But this rain turned out to be one of the best-disguised blessings in history, as it was so foggy the next morning that one could "scarcely discern a man from six yards' distance," which meant the Brits had to sit on their thumbs until the fog passed. What was more, for some freak reason, the fog "concealed from the British the operations of the Americans, while at New York the atmosphere was perfectly clear." In other words, the only parts of the city that were foggy were the parts the Brits needed to see through to figure out what the hell Washington was up to.
Washington did not need to shoot the British the next morning; he just needed to get the hell out of Brooklyn with enough of his army to continue and win the war with. This fog provided him with precisely the time and the cover he needed to successfully sneak all 9,000 of his men into Manhattan while the British sat back and reminisced about this jolly good London weather. It was like Washington shouted, "Cover me!" at God, and God had complied like world's greatest buddy cop. There was not a single loss of life, and Washington was the last one to leave Long Island ... immediately after he snatched his whole army and the Revolution straight out of the British Empire's back pocket.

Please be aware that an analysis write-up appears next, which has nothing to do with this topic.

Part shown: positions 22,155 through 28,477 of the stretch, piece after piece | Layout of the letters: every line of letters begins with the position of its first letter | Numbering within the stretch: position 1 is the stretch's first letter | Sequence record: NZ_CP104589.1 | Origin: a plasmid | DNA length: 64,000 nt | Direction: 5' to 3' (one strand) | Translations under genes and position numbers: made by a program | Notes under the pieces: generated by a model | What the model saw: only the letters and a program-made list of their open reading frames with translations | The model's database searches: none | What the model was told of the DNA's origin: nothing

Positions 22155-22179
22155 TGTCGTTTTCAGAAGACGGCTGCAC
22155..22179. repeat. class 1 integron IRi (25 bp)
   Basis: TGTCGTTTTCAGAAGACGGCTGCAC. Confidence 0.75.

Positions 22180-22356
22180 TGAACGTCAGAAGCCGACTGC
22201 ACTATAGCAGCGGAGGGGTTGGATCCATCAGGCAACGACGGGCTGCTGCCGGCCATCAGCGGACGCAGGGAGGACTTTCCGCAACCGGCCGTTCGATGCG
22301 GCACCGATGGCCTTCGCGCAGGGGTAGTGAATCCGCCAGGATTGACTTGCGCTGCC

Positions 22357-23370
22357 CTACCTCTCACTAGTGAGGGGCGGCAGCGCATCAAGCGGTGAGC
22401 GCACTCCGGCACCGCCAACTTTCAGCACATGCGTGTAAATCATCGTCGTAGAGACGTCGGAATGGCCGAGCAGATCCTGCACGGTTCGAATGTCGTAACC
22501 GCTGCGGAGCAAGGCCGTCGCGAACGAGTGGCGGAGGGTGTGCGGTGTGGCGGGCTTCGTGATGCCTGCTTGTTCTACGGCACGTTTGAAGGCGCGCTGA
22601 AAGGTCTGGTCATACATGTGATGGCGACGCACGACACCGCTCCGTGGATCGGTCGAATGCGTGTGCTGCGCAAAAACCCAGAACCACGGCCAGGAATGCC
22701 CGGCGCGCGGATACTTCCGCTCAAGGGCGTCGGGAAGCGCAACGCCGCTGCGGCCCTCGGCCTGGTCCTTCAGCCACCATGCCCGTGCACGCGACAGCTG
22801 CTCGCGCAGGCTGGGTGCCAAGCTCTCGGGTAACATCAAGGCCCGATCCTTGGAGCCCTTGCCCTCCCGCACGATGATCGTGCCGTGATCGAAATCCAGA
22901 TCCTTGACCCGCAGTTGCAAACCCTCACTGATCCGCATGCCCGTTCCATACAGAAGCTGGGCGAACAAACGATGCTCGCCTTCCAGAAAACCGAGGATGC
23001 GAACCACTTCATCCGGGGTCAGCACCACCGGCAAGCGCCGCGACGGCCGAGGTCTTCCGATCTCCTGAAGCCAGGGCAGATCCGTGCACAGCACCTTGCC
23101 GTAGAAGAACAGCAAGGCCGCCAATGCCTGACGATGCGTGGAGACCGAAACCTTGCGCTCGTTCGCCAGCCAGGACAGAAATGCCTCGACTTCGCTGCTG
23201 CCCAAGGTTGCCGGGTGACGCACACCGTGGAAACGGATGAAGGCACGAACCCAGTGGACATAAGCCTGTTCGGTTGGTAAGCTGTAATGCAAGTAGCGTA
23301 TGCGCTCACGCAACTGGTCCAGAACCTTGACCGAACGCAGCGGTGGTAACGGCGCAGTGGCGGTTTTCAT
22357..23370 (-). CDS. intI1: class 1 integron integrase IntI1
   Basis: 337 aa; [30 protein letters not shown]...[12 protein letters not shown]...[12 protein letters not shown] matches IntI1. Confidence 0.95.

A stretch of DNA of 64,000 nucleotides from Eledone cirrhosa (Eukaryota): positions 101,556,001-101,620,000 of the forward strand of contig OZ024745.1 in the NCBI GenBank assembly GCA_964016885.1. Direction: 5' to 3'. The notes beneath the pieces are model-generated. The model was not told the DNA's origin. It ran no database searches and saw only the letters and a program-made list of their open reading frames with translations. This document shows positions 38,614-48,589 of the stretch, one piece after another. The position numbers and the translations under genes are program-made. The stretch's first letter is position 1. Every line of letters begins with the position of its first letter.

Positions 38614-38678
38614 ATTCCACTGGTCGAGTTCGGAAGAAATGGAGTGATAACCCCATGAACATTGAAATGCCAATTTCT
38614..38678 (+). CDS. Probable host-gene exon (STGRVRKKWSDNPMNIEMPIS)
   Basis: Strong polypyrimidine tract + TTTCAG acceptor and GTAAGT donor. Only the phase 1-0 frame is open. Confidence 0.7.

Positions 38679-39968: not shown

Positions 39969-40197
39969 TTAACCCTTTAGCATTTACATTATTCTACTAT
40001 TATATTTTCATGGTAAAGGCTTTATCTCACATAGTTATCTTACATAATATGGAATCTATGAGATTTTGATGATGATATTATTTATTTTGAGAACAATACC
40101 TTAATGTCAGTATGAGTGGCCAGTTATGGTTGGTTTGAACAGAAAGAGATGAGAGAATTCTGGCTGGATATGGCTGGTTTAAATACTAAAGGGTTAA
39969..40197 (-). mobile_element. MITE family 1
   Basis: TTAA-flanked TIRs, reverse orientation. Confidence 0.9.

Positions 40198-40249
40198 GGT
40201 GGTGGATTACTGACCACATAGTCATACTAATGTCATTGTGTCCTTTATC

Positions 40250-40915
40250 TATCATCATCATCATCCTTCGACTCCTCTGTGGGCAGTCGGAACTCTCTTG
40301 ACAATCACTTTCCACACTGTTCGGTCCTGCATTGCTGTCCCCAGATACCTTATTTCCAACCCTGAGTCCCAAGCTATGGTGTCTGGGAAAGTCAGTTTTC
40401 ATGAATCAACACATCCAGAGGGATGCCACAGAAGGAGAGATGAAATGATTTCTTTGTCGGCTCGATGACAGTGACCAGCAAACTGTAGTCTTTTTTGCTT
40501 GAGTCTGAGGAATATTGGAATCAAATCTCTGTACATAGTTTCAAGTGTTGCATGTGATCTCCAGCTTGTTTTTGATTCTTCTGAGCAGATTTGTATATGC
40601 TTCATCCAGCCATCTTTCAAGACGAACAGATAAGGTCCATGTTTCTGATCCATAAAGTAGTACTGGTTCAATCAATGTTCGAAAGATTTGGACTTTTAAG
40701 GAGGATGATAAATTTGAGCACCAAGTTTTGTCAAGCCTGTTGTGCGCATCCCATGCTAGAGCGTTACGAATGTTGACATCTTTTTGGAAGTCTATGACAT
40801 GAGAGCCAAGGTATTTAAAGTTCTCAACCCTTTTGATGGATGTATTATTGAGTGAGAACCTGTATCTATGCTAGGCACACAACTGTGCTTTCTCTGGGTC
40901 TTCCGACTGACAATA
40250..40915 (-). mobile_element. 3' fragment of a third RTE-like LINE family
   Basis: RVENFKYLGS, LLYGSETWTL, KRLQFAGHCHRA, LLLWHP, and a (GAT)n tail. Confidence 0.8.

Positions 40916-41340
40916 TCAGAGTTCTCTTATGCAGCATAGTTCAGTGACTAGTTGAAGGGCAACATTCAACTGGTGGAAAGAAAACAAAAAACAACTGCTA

"Horses and boats basically work the same way, right?"